China recently purchased technology that can monitor students’ attention levels on a mass scale.
Focus 1 headbands, developed by U.S. startup BrainCo, purport to monitor concentration by reading and translating brain signals.
BrainCo has signed a deal with a Chinese distributor to provide 20,000 devices.
The plan is to equip multiple students in order “to capture data from 1.2 million people,” BrainCo founder and chief executive Bicheng Han told The Independent newspaper.
According to Han’s LinkedIn page, he was a graduate of Harvard University and was part of the school’s Chinese Students and Scholars Association, a student group for Chinese international students.
The company conducted a recent study in Chinese schools in which 10,000 students from ages 10 to 17 wore the device, according to New Scientist, a science magazine.
These headbands are marketed as an innovative product that will help teachers identify students who may need extra assistance in class by using electroencephalography (EEG) sensors to detect brain activity.
Lights built into the devices flicker with different colors, depending on the wearer’s varying concentration levels. The color-coding system, in turn, would alert the teacher to the student’s attentiveness in the classroom.
Neuroscientists and psychologists have cast doubt on the effectiveness of the technology.
Variables such as the natural variation in neurological activity among humans can lead to misleading assumptions about how an individual is functioning, and what he or she needs, Sandra Loo, professor of psychiatry at the University of California, Los Angeles, told EdSurge, an education news website, in an October 2017 story about BrainCo’s technology.
Back in 2016 at the Consumer Electronics Show held in Las Vegas, when BrainCo gave its first public demonstration of the Focus 1 headbands, the devices fell short of expectations. They picked up brain waves despite not being worn at the time, calling into question its overall function.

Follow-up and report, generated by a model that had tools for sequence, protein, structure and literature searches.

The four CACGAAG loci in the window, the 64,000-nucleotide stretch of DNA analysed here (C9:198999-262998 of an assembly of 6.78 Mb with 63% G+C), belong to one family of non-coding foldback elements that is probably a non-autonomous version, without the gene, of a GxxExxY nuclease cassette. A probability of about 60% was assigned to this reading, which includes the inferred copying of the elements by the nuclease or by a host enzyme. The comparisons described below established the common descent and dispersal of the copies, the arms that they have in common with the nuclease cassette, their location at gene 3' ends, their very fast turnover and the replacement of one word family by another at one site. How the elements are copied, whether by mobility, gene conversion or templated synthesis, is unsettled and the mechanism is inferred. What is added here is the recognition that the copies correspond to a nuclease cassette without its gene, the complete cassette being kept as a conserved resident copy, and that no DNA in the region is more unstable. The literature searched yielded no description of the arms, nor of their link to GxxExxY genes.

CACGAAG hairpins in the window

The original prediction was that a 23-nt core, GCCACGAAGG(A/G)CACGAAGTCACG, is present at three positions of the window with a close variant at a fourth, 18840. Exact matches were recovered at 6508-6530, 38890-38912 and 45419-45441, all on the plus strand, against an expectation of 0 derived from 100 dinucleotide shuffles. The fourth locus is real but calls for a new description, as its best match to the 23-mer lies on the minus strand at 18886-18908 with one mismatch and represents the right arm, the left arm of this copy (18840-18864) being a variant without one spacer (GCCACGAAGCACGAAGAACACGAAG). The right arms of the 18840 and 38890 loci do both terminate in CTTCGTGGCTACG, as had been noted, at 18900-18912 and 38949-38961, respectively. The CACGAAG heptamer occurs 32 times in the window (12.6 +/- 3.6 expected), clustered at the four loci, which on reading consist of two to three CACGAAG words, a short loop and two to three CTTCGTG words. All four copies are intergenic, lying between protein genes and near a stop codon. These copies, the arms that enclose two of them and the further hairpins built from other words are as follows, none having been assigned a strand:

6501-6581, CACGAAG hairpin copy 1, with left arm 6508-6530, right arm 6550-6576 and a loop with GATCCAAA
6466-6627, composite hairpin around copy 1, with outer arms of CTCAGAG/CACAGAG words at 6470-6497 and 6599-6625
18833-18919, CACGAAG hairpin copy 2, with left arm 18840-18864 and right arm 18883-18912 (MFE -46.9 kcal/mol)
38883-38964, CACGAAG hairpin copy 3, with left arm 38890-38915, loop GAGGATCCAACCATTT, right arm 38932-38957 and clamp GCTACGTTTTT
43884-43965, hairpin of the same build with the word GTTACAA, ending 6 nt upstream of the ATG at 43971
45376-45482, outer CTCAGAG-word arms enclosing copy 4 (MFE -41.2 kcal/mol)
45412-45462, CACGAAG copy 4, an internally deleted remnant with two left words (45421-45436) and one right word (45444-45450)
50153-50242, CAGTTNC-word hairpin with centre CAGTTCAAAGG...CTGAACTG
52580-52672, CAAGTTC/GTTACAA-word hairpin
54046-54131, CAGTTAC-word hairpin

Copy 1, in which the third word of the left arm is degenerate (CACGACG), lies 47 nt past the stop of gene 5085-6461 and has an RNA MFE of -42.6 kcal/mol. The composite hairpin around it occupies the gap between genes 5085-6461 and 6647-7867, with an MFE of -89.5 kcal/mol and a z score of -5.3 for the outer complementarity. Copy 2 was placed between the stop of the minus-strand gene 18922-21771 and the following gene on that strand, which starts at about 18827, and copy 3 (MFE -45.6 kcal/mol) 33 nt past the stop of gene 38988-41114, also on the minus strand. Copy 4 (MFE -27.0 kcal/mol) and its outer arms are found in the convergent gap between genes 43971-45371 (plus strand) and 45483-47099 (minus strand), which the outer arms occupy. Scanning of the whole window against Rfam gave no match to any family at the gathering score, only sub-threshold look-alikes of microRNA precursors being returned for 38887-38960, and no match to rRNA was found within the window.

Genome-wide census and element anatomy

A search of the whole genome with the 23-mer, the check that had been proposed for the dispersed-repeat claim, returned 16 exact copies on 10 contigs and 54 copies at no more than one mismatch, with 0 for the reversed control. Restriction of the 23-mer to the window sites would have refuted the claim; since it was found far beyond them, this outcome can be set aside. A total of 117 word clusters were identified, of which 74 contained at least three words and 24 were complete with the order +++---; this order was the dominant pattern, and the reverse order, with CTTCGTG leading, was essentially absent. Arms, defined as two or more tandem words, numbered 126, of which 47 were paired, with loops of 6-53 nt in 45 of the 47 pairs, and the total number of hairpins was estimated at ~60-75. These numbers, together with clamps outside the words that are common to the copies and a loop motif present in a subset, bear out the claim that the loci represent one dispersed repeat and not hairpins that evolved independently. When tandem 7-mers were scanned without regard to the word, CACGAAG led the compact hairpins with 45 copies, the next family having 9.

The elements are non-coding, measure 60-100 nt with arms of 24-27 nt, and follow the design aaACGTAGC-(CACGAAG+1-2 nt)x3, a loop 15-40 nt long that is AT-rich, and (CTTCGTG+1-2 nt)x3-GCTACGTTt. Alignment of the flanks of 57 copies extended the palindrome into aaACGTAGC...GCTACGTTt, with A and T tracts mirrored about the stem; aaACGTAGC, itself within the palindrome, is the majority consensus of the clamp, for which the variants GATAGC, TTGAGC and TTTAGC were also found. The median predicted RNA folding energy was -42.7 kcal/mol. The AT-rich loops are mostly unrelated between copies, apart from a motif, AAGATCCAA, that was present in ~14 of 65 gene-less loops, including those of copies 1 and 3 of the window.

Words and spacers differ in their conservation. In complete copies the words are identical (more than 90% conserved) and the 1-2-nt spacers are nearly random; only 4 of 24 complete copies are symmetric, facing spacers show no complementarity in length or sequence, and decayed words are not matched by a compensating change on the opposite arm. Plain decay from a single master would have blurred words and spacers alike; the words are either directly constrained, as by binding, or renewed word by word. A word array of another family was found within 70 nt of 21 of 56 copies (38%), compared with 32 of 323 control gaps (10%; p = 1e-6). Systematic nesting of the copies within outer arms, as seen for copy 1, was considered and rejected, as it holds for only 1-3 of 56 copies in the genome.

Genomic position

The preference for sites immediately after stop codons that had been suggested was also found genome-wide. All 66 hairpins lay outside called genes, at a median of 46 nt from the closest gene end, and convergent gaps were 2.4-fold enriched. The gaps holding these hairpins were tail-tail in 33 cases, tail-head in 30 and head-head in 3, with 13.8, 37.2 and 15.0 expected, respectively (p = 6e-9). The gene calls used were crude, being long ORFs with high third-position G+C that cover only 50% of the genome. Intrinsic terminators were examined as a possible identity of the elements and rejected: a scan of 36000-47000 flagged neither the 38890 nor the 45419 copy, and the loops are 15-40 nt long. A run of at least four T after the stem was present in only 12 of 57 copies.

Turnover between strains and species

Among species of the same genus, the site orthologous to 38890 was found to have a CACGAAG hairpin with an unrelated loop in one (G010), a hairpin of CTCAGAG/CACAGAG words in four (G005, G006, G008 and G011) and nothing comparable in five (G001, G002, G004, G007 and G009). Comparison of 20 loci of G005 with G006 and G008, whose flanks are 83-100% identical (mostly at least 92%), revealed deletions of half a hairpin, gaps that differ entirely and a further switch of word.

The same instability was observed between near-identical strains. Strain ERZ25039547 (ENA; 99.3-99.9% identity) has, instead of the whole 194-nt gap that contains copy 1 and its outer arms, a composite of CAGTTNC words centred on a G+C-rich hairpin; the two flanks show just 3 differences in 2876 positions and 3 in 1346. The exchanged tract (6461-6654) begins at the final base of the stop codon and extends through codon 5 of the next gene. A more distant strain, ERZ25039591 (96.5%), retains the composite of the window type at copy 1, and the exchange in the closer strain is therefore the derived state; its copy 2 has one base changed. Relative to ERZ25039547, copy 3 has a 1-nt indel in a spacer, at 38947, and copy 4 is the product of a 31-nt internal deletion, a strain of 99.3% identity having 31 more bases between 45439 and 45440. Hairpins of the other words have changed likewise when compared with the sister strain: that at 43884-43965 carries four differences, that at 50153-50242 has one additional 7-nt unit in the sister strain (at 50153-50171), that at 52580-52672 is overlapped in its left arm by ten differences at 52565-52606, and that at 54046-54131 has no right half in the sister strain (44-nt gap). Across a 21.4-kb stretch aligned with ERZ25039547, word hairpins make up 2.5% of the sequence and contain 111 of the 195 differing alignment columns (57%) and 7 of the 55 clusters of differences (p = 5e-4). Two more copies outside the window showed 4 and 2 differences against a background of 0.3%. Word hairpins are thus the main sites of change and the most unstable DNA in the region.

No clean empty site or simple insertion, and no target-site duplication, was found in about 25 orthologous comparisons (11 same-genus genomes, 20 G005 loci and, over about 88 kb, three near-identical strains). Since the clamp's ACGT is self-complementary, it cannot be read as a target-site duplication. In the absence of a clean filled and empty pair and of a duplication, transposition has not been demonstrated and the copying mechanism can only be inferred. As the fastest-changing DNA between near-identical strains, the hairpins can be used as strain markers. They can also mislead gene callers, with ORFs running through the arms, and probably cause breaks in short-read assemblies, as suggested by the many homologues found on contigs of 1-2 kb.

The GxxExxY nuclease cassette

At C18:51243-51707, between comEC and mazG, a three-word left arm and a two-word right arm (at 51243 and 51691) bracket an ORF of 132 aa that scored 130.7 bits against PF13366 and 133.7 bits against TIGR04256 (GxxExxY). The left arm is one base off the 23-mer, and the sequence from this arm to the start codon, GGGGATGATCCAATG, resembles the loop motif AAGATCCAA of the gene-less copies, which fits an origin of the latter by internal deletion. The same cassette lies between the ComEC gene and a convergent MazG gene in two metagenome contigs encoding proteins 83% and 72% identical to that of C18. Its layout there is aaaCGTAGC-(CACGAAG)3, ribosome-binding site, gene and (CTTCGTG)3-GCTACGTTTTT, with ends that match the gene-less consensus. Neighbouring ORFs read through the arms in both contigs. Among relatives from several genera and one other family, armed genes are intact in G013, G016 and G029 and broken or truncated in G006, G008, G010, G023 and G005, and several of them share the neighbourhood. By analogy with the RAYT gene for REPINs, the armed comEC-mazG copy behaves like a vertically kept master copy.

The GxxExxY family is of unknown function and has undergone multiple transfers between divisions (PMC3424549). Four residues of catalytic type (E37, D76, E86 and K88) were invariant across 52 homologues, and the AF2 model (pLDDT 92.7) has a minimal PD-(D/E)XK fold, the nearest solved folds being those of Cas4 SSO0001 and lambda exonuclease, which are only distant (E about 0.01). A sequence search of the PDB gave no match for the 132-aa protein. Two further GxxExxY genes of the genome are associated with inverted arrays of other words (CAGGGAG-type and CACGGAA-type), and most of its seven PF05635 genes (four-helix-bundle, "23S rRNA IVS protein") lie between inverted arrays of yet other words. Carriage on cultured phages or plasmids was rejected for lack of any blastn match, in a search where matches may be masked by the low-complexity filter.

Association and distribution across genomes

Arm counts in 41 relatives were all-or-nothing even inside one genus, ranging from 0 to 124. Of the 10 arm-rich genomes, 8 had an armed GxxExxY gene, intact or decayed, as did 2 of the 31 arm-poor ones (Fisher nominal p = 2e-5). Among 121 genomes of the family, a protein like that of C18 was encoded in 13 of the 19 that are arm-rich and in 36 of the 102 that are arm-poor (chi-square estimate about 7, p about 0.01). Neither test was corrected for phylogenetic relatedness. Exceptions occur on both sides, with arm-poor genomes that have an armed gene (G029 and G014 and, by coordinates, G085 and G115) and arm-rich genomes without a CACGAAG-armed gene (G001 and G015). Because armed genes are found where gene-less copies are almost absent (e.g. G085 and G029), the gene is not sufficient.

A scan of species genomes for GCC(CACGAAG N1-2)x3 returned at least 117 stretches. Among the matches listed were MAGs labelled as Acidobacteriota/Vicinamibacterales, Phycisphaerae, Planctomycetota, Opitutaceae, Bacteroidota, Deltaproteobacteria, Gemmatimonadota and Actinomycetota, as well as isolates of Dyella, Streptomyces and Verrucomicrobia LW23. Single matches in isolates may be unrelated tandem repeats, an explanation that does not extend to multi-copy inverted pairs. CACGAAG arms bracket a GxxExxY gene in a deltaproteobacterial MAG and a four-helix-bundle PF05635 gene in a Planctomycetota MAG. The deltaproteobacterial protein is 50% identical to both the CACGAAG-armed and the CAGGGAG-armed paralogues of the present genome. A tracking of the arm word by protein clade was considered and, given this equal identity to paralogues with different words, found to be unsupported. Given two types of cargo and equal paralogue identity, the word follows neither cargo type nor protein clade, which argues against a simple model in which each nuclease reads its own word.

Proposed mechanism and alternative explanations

“I haven’t seen any data indicating you can dissociate [in an EEG scan] if someone is paying attention to the teacher or their phone or just their own internal thoughts and daydreaming,” said Theodore Zanto, a professor of neurology at the University of California at San Francisco, to EdSurge. Students wearing the headset “might be incredibly focused, but focused on the wrong thing, and you could get the same EEG measures.”
But even if the technology provides accurate readings, it raises concerns dealing with legal questions around data protection and privacy.
Furthermore, the use of such technology challenges the ethical boundaries of the extent to which schools should go to “train” children.
The China trial results have not been published in an academic journal.
Student monitoring has become pervasive with the Chinese regime backing and encouraging the development of high-tech surveillance equipment. In December 2018, Chinese netizens grew concerned after news emerged that over 10 schools in Guizhou Province would be required to wear “intelligent uniforms” embedded with electronic chips that track their movements.
The chips can track the exact location of every student and can activate an alarm when the sensor detects that a student has fallen asleep in class.
The news drew concern that students’ privacy was being violated.
In May 2018, a high school in Hangzhou City employed cameras with facial-recognition technology to track students’ attentiveness in class. These cameras would scan students’ faces every 30 seconds to analyze their facial expressions and detect their mood. Each student was then assigned a score based on how well he or she appeared to be paying attention in class.
Frank Fang contributed to this report.